During a speech that Joe Biden gave last Wednesday, he repeated a claim that he’s been making quite a bit lately. After seeing some of the only positive financial news to come out during his presidency (a slight reduction in the deficit in 2021), Biden happily took credit for that. He said, “Let me remind you again: I reduced the federal deficit. All the talk about the deficit from my Republican friends, I love it. I’ve reduced $350 billion in my first year in office.” It’s a pretty good line for a president who is struggling to find anything positive in the news about him and it’s a figure that Republicans should be at least somewhat pleased to see, no matter the root causes. Fair enough.
But were Joe Biden’s policies actually responsible for the slip in the deficit? You’ll get a fairly good idea as to the answer when you learn that a fact-checker from none other than CNN was presented with that claim and gave it a resounding thumbs down. That’s akin to seeing Biden’s social justice policies drawing criticism on The View. The fact-checker in question, Daniel Dale, claimed that if anything, Biden’s policies actually slowed the rate of deficit reduction, which could have otherwise gone significantly lower. (NY Post)
CNN’s fact-checker Daniel Dale pushed back on President Biden’s recent claim that his policies had helped to reduce the federal deficit – revealing that one expert told him that the Democrat’s assertion was “almost bizarro world” in its misrepresentation of the situation…
During a Monday appearance on CNN’s “New Day” and in a separate article, Dale noted that the federal deficit had indeed declined during fiscal 2021. However, the deficit decline was originally expected to be even larger than the figure Biden referenced.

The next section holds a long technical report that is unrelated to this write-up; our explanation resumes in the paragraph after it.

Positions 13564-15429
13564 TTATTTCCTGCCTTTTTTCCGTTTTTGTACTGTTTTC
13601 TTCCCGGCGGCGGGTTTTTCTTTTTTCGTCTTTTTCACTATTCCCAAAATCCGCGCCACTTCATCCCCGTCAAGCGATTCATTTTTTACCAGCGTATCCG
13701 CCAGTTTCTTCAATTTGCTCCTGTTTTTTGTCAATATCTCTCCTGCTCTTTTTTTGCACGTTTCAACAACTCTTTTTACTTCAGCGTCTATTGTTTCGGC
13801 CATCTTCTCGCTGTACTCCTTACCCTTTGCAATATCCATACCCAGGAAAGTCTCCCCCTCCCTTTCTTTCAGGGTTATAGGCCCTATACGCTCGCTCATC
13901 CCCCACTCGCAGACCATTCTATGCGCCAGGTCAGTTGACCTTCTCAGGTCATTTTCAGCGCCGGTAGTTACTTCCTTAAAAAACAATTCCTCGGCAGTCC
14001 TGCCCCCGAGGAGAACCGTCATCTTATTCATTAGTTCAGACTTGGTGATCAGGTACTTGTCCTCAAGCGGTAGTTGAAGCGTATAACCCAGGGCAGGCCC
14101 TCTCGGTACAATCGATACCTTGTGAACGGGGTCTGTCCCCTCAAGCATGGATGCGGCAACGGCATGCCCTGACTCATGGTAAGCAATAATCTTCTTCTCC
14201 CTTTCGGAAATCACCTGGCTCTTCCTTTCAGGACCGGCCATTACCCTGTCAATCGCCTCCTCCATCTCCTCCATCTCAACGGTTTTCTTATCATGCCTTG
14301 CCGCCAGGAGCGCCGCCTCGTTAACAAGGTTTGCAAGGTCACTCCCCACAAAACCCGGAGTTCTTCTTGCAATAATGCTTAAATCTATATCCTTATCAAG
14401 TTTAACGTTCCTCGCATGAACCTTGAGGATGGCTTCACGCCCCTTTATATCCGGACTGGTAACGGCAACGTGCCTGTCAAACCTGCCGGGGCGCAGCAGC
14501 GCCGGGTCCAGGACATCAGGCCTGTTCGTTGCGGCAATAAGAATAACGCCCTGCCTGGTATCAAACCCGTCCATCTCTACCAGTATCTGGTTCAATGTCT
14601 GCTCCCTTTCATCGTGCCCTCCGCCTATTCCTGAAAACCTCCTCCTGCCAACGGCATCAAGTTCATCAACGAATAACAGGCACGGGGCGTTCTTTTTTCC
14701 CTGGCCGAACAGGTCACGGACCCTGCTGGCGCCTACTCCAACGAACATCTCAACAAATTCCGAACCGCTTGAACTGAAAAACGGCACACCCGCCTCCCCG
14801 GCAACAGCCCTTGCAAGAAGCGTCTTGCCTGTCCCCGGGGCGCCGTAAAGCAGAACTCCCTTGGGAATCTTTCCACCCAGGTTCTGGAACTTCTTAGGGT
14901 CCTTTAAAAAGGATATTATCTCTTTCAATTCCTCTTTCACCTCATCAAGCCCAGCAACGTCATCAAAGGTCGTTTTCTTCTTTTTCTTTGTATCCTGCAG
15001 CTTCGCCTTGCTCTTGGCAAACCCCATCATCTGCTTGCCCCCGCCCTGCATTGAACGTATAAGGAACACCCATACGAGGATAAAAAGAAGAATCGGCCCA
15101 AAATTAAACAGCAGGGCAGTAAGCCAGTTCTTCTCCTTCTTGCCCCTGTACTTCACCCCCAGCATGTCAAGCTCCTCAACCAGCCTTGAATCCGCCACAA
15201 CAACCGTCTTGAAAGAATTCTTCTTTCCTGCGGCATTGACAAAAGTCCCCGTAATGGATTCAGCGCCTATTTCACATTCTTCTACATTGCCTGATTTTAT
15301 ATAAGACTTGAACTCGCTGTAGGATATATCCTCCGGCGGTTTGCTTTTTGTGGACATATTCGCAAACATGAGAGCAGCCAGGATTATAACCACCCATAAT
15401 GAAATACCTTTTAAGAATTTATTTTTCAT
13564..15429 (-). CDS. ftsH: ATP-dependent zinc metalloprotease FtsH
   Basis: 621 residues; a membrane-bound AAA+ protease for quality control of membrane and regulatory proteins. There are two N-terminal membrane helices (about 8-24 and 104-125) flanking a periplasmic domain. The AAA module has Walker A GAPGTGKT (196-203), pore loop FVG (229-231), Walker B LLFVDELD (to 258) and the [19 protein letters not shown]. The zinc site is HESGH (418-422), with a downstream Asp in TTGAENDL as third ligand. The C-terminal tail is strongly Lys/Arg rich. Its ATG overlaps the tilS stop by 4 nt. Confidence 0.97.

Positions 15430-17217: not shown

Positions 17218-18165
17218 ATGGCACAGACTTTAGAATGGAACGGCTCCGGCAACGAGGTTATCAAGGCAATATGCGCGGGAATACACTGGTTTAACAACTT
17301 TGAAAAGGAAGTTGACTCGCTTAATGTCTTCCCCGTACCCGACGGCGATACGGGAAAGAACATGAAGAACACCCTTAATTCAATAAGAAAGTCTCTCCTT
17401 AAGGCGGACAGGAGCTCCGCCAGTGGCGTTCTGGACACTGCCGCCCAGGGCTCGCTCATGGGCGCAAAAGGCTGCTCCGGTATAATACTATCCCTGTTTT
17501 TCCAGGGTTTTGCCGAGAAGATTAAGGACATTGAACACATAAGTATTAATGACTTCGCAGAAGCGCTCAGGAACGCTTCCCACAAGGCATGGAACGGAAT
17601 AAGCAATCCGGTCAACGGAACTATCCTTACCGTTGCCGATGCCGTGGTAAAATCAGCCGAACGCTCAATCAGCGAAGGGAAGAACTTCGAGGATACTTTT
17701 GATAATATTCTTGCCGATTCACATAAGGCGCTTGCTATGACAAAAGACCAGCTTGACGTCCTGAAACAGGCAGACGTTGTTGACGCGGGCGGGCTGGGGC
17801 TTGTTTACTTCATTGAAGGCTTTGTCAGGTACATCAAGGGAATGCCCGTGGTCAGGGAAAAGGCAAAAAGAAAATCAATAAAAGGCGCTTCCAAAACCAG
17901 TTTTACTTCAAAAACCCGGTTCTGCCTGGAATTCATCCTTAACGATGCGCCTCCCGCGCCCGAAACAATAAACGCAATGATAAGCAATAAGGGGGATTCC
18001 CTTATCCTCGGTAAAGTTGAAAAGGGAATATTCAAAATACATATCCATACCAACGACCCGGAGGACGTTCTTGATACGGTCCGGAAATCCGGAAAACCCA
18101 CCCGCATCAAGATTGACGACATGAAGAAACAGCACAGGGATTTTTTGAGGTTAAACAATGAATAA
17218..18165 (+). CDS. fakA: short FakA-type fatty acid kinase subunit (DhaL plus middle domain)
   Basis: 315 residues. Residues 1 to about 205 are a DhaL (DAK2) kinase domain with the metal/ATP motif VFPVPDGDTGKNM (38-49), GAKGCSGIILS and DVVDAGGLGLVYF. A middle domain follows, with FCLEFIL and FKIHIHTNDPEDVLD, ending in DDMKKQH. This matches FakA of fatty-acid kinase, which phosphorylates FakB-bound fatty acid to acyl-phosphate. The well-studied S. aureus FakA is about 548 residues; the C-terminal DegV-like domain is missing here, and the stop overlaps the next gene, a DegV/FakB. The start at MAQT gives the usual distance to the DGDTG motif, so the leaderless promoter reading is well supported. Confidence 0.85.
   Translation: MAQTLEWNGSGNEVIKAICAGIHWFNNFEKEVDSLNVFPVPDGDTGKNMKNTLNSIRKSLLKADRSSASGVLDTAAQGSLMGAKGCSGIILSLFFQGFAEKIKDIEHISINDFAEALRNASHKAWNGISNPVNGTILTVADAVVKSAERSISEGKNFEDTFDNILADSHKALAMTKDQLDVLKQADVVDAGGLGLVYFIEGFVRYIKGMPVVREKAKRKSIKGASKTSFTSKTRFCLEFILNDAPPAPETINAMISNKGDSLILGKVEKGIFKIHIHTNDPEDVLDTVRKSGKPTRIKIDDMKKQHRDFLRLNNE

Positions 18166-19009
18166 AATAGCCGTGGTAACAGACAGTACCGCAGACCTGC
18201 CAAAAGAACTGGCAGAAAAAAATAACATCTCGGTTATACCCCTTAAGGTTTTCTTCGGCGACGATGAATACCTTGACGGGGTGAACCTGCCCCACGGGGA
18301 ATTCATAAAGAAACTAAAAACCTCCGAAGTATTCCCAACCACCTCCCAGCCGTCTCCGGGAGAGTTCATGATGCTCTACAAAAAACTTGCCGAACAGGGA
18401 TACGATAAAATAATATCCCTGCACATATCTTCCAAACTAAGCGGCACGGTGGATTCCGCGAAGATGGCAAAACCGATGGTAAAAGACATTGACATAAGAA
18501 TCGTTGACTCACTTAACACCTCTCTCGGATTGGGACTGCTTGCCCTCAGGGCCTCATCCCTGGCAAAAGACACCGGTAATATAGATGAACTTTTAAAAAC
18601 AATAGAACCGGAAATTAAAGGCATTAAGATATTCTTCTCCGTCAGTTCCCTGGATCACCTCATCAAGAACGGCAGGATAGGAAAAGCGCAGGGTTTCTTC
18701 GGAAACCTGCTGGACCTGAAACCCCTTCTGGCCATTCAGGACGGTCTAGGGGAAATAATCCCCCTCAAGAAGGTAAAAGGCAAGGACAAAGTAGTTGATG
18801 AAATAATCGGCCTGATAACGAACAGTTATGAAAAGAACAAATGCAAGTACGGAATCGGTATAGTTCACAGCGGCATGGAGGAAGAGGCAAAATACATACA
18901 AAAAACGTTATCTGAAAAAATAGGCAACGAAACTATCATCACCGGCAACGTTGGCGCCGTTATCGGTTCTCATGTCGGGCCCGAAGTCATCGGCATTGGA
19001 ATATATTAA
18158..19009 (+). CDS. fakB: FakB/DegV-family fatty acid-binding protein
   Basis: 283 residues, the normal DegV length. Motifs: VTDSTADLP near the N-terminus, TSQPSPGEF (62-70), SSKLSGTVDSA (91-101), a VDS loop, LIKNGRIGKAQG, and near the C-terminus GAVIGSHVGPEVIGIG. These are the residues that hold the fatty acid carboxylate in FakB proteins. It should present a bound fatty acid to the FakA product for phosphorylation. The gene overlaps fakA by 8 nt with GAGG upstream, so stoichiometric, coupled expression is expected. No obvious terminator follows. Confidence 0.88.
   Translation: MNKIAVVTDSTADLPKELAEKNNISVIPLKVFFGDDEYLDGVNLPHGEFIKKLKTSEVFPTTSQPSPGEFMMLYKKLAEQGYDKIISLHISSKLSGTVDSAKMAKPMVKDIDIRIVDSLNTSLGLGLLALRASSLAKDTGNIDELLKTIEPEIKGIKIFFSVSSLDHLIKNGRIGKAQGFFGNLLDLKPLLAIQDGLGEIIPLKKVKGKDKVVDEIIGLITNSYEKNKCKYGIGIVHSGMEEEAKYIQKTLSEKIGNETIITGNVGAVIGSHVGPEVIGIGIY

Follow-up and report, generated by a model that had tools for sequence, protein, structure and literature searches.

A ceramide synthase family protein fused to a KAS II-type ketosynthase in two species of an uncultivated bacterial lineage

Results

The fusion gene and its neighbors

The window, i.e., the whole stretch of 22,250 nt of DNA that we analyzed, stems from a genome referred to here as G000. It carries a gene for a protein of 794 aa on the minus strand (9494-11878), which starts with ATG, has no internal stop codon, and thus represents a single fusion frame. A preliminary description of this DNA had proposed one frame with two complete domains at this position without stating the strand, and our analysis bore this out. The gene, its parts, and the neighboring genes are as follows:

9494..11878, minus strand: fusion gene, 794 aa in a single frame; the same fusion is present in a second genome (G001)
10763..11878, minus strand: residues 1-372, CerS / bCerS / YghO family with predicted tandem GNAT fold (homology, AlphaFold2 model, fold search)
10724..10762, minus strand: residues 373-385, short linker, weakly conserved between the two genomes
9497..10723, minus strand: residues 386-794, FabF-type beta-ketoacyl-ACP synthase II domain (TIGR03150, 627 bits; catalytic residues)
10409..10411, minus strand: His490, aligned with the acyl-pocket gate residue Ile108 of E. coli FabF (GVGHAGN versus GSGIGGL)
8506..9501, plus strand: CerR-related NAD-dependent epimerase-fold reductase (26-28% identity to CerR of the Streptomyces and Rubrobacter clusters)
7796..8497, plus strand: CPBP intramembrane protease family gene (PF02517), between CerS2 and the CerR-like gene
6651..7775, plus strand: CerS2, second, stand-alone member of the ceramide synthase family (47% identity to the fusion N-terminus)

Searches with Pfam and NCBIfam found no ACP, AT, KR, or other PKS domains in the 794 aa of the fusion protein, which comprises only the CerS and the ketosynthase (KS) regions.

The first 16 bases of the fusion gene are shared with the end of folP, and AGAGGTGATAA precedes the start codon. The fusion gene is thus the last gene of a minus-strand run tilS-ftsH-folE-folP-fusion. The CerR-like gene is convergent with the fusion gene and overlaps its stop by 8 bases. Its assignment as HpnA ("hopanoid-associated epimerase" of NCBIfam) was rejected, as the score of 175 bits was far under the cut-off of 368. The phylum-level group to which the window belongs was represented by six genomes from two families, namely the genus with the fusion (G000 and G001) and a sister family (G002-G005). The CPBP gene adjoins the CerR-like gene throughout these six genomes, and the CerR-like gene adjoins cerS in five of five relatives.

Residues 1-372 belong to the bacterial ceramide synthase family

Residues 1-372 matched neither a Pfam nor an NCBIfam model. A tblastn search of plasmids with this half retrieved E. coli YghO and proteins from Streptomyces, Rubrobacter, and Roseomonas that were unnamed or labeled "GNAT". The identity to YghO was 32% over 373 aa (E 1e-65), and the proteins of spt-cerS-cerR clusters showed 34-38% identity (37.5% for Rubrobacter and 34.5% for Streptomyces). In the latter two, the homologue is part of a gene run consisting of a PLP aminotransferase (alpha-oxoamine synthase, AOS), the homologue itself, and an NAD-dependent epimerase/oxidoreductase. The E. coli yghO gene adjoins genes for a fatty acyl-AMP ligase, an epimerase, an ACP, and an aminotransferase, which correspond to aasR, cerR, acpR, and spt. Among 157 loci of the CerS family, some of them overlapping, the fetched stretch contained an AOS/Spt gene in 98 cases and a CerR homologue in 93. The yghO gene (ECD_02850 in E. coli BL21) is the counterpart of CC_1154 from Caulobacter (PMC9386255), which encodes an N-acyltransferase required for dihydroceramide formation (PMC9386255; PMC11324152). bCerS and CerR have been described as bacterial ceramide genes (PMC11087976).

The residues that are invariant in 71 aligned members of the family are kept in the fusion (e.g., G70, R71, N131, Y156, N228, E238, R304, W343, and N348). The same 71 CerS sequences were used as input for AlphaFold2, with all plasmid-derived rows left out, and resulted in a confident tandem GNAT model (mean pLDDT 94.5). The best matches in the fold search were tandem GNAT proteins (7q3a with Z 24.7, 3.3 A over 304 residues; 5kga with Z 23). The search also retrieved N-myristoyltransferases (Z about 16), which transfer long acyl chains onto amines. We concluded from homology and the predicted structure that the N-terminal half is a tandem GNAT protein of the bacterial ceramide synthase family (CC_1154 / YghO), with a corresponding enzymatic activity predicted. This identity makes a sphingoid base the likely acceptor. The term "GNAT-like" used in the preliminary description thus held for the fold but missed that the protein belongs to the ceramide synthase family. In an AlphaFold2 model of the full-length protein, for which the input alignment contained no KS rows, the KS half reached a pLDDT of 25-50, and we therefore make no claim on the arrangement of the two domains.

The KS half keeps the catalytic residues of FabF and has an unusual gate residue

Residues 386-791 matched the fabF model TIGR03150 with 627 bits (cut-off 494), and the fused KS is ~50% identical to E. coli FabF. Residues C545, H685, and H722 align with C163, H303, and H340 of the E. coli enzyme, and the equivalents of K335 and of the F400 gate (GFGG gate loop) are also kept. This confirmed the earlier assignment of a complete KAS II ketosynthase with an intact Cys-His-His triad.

Dale added that economic experts “still scoffed at the idea that President Biden is personally responsible for having reduced the deficit.”
Biden’s claim was referred to as sounding like it came from “Bizarro World.” And the numbers that economists are quoting clearly seems to back that up.
There are a couple of points being made here that are worth noting. First of all, we’re talking about the fiscal year 2021, not the calendar year. The deficit was falling as the country began reopening after the emergency approval of the vaccines. And that process began four months before Biden was even sworn in, under Donald Trump’s presidency. So he was only president for two-thirds of the period under discussion.
Even then, while it’s always nice to see the deficit go down (on the rare occasions that it happens), the Congressional Budget Office had earlier predicted that the deficit would decrease by $870 billion. Under that framework, under Biden’s tenure, the predicted deficit reduction was actually more than twice the actual reduction of $360 billion. So if the President wants to take credit for anything, he is free to own the deficit reduction being half a trillion dollars less than what the experts had projected.
So what actually did account for some of the reduction? We went into a massive hole in 2020 with all of the COVID relief plans that were hastily shipped out the door. In the second half of fiscal year 2021, a number of those plans were coming to an end without being immediately renewed. That staunched some of the cash drainage, though it didn’t outweigh all of the rest of the spending that was going on. To get a more accurate picture of where we stand with the deficit for the current fiscal year, keep an eye on how much money has been flushed into relief and military aid to Ukraine. None of that admittedly admirable work is free and the costs are adding up quickly. When we get the final 2022 numbers, be prepared for some additional bad news on the deficit front.
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